Wednesday, April 6, 2011

2011-04-06 "Novato anti-illegal immigration advocate and Canal Alliance chief lock horns" by Rob Rogers from "Marin Independent Journal" newspaper
Tempers flared Wednesday as speakers on both sides of the immigration debate made their cases before members of the Marin Coalition.
Anti-illegal immigrant activist Jerome Ghigliotti of Novato and Tom Wilson, president of San Rafael's Canal Alliance, found little to agree on during an often heated discussion of illegal immigration — including the question of whether undocumented immigrants should be considered "illegal" at all.
"To bear the name 'illegal alien' for the rest of your life because you committed a misdemeanor seems pretty harsh," said Wilson, whose Canal Alliance provides support for Marin County's low-income immigrant population.
"'Illegal' is said in the same way that dehumanizing terms are used to describe people during war," Wilson said. "It makes it easier to turn a blind eye to human suffering when you don't call someone a human being."
Ghigliotti disagreed.
"When I drive while leaving my driver's license at home, I'm undocumented. 'Illegal' means I've broken the law," said Ghigliotti, who has spearheaded an effort to require all outside contractors hired by the city of Novato to verify the immigration status of their employees through the use of a federal database.
The two speakers also disagreed on the role immigrants play in Marin County's economy. To Ghigliotti, Novato's undocumented aliens are at best a drain on the city's resources. At worst, he said, many of them are dangerous criminals.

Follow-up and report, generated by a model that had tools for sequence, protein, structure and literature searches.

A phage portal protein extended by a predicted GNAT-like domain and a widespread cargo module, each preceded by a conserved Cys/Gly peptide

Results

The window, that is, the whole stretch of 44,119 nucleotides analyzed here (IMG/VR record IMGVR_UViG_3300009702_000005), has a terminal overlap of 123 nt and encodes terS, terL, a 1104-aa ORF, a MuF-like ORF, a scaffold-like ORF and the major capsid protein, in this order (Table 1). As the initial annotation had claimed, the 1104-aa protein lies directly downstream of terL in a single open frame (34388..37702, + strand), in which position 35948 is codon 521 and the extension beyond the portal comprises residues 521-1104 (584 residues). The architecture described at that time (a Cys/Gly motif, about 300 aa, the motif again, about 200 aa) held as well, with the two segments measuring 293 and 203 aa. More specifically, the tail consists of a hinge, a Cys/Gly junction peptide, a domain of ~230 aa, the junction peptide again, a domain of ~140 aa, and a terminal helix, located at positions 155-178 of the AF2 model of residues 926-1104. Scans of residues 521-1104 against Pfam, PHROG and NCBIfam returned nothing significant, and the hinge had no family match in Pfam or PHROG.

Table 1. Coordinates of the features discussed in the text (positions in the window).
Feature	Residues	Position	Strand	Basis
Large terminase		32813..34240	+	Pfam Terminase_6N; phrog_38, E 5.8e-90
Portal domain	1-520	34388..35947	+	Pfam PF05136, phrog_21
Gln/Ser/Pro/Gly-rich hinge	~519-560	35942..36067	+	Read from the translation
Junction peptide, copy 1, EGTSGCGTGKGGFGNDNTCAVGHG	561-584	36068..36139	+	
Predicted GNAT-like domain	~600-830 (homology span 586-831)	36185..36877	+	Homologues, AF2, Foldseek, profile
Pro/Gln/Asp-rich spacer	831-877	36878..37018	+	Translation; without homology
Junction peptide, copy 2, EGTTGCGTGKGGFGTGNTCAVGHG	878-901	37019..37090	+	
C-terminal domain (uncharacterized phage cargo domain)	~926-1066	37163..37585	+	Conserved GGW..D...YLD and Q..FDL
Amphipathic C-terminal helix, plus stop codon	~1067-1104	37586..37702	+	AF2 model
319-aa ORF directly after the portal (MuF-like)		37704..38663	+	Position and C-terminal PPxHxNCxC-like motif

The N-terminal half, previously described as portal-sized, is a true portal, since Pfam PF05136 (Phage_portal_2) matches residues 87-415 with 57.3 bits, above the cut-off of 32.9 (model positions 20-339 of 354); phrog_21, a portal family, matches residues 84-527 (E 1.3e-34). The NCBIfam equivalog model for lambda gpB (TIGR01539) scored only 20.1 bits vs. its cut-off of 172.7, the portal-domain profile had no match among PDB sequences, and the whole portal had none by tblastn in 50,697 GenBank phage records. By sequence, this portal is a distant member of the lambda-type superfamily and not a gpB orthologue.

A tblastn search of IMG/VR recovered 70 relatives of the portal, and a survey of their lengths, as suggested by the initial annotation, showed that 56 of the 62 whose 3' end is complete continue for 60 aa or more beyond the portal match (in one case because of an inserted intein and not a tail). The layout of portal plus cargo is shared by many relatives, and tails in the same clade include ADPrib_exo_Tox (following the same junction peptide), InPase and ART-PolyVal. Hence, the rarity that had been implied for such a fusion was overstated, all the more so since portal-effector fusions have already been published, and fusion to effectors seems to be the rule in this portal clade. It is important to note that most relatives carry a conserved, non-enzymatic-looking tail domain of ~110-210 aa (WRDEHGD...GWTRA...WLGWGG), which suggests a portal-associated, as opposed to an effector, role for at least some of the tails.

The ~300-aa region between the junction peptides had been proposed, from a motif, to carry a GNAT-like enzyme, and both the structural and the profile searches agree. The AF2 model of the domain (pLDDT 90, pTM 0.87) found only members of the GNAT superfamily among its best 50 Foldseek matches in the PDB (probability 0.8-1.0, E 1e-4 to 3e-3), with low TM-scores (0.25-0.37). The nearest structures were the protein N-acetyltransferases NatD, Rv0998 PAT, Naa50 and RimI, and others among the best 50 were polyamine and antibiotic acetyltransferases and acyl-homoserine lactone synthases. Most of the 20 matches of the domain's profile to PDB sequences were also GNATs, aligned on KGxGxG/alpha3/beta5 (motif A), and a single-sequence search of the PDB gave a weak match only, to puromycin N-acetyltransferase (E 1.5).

"People keep saying to me, 'Why are you doing this? These immigrants are nice people who have just come here to make a living,'" Ghigliotti told the crowd of about 27 people at San Rafael's Chalet Basque restaurant. "Then I started looking up the sheriff's log, which lists everybody arrested, incarcerated or awaiting trial. I've done this every month for the past 10 months, and there were consistently 67 illegal aliens awaiting trial for felonies or multiple misdemeanors."
Wilson, by contrast, argued that it has been the hard work of immigrants — legal and otherwise — that has built this nation, and that many of Marin's aging residents might soon find themselves supported by the labor of immigrant workers.
"If we don't have an active working force to support those of us who are aging, we won't be able to fund Social Security. And that young workforce is our immigrant community," Wilson said.
He added that many undocumented immigrants are economic refugees fleeing the effects of globalization in their home countries — the same economic forces that have cost many American workers their jobs.
"It's not immigrants, but multinational corporations who are taking our jobs," Wilson said. "U.S. companies sent 406,000 American jobs overseas this year alone. "The worldwide system of globalization allows them to take those jobs to countries where they can exploit the workers by paying them the cheapest wage they can possibly pay."
Ghigliotti countered that economic hardship was no excuse for anyone to break the law.